Ending Bumping

Perhaps no practice is a better distillation of the blight that is teacher unionization than bumping. I’m with Julia Steiny in thinking that it ought to end, but the suggestions of the Business Education Partnership that she describes in her column, yesterday, are worth considering as half-way measures:

To professionalize education personnel practices, Blais and her colleagues put the focus squarely on evaluation. Rhode Island is one of only a handful of states that do not mandate that teachers be evaluated. In fact, most Rhode Island teachers are never evaluated in any meaningful or helpful way.
Blais says the key to an effective and fair evaluation system is to use several different measures, instead of just one principal’s say-so. Evaluations should include objective, quantifiable information, such as student achievement, as well as administrator and peer observations. The resulting evaluations should place teachers at one of four levels: master, pre-master, basic and below basic.
With these categories in hand, teachers would no longer be interchangeable. Any teacher with two consecutive below-basic evaluations could be let go. (At last!) No basic teacher could bump a master, no matter how long he or she has been in the system. Only master teachers should be peer evaluators.

It is an abomination that, in a profession that begs for inspiration, we permit no measure of quality.

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George Elbow
George Elbow
13 years ago

We look forward to NEA Executive Director Bob Walsh’s justification for bumping. It will go something like: All tenured teachers are competent. The bad ones don’t stay in the profession, as the long hours over 180 days takes a toll on the less competent candidates. We can not leave the promotion of teachers to the Political whims of managment …blah, blah, blah. This is just another in a long line of examples of why people have no respect for the Unions. They REFUSE to embrace the free market and competition. They REFUSE to allow the market and competition to determine their worth. They prefer a system devoid of incentive, one in which the worst get paid the same as the best, where job security is based on the date of hire versus merit. Indeed, they prefer that everyone be treated the same, marching in lock step like a herd of mindless sheep. And then they wonder why our schools are failing. We need a legislature that has the guts to make RI a “right to work state”. There are many teachers that are fed up with the Union’s infatuation with mediocrity, but they are stifled and intimidated by Union hacks. Let’s see if Bob Walsh would be open to RI being a “right to work” state and then we’ll see if his flock grows or scatters. Similar to Bob Walsh being so adamently against 401k style pension plans in which the employee takes on some free market risk associated with the Pension fund’s “earnings” that Bob loves to hang his hat on when foolishly & falsely saying the fund can be self sustaining, Bob would never be open to such a suggestion. After all, Bob’s flock of sheep are ENTITLED to GAURANTEED pension payments, GUARANTEED salary increases and GAURANTEED job… Read more »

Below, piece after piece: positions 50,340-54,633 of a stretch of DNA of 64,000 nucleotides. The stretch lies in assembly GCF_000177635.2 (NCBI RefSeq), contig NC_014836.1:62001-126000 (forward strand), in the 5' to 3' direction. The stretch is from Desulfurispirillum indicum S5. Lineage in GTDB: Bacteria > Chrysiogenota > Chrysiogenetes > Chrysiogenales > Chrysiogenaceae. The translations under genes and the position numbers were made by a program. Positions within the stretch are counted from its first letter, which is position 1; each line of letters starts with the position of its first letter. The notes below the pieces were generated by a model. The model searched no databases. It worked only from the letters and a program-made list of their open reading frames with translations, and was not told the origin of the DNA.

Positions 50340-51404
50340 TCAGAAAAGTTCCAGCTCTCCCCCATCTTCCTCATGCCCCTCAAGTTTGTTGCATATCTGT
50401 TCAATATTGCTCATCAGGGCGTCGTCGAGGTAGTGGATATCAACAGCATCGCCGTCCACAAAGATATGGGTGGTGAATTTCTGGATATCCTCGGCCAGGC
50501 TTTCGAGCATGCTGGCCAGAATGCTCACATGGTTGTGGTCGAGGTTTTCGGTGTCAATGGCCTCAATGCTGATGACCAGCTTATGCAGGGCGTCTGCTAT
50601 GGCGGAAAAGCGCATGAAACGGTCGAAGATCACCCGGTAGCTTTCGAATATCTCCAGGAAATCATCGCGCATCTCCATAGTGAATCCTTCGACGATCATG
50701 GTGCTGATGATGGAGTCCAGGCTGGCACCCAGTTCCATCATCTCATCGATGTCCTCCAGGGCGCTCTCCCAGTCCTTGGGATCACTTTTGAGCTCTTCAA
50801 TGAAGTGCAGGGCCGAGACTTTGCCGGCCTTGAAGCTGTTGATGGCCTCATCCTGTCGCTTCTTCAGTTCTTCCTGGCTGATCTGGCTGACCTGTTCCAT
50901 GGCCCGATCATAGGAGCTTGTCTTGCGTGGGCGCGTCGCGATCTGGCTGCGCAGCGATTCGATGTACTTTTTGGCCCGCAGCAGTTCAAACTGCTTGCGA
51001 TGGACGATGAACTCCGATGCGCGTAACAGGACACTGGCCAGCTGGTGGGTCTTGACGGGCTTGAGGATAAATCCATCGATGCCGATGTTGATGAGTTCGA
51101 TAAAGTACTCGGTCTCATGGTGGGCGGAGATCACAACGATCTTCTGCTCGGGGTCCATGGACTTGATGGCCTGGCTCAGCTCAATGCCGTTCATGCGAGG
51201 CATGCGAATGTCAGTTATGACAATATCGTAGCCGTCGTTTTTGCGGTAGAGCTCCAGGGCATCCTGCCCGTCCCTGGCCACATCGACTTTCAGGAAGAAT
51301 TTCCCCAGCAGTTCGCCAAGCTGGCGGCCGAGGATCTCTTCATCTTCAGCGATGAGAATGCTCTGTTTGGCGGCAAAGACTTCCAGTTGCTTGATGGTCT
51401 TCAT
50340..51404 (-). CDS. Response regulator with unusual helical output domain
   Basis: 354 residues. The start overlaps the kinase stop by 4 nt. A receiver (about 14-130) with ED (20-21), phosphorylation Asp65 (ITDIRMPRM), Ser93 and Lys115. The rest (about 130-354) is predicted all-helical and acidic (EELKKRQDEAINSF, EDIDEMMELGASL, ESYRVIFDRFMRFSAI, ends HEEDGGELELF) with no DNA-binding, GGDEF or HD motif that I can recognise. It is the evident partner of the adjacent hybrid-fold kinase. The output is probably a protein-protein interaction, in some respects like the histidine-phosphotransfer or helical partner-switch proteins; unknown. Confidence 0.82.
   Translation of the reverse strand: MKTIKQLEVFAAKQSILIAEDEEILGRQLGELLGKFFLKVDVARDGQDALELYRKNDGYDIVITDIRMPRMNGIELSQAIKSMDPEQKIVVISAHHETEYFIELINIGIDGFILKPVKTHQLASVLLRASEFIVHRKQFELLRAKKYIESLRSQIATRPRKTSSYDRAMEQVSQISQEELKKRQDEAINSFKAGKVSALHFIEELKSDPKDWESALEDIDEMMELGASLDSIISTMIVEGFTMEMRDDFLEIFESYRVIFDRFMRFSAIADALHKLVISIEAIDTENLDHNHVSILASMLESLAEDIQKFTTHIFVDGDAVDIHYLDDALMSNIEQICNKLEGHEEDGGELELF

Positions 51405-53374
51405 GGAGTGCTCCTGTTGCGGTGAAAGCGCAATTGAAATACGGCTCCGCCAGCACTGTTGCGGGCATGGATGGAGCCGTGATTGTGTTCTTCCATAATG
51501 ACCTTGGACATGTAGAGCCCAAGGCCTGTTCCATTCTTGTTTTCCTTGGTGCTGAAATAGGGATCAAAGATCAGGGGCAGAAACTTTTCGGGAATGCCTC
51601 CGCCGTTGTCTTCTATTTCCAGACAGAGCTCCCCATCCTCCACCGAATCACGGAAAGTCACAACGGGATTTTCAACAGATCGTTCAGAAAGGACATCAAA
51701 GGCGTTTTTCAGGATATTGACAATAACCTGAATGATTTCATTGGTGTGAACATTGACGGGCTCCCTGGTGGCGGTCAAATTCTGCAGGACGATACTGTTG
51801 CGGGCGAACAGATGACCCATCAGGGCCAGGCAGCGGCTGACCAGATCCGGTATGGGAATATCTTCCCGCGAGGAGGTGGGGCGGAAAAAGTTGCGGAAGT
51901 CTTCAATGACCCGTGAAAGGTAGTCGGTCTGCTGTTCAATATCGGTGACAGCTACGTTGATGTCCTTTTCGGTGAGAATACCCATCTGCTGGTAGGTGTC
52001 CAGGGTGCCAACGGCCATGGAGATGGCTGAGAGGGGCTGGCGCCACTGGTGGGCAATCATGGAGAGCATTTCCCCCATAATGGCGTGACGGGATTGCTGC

David
David
13 years ago

Steve kass bumps Bob Warren. You guys applauded.

Justin Katz
13 years ago

Yeah, David: so enthusiastic was I that I titled a post on the subject, “Oh Come On”!
But what’s reality in the face of blog-comment one-liners?

Monique
Editor
13 years ago

“Steve kass bumps Bob Warren.”
Wrong. No one was bumped.
Management – the Governor, in this case – made the determination that Mr. Warren failed to carry out his job adequately and he was let go. A replacement was found in due course. [It wasn’t Steve Kass, by the way.]
This is exactly what doesn’t happen in Rhode Island public school systems. Thanks to both local school committees and the General Assembly who reward and promote only longevity and who exercise their management power to impose precious few other standards, poorly performing educators are not identified and let go but are allowed to keep their job, sometimes even bumping better teachers out of the system. And it is our children’s education which suffers.

Phil
Phil
13 years ago

I don’t believe that every school district in the state uses the same system of job selection. Check with Whiney Steiny.

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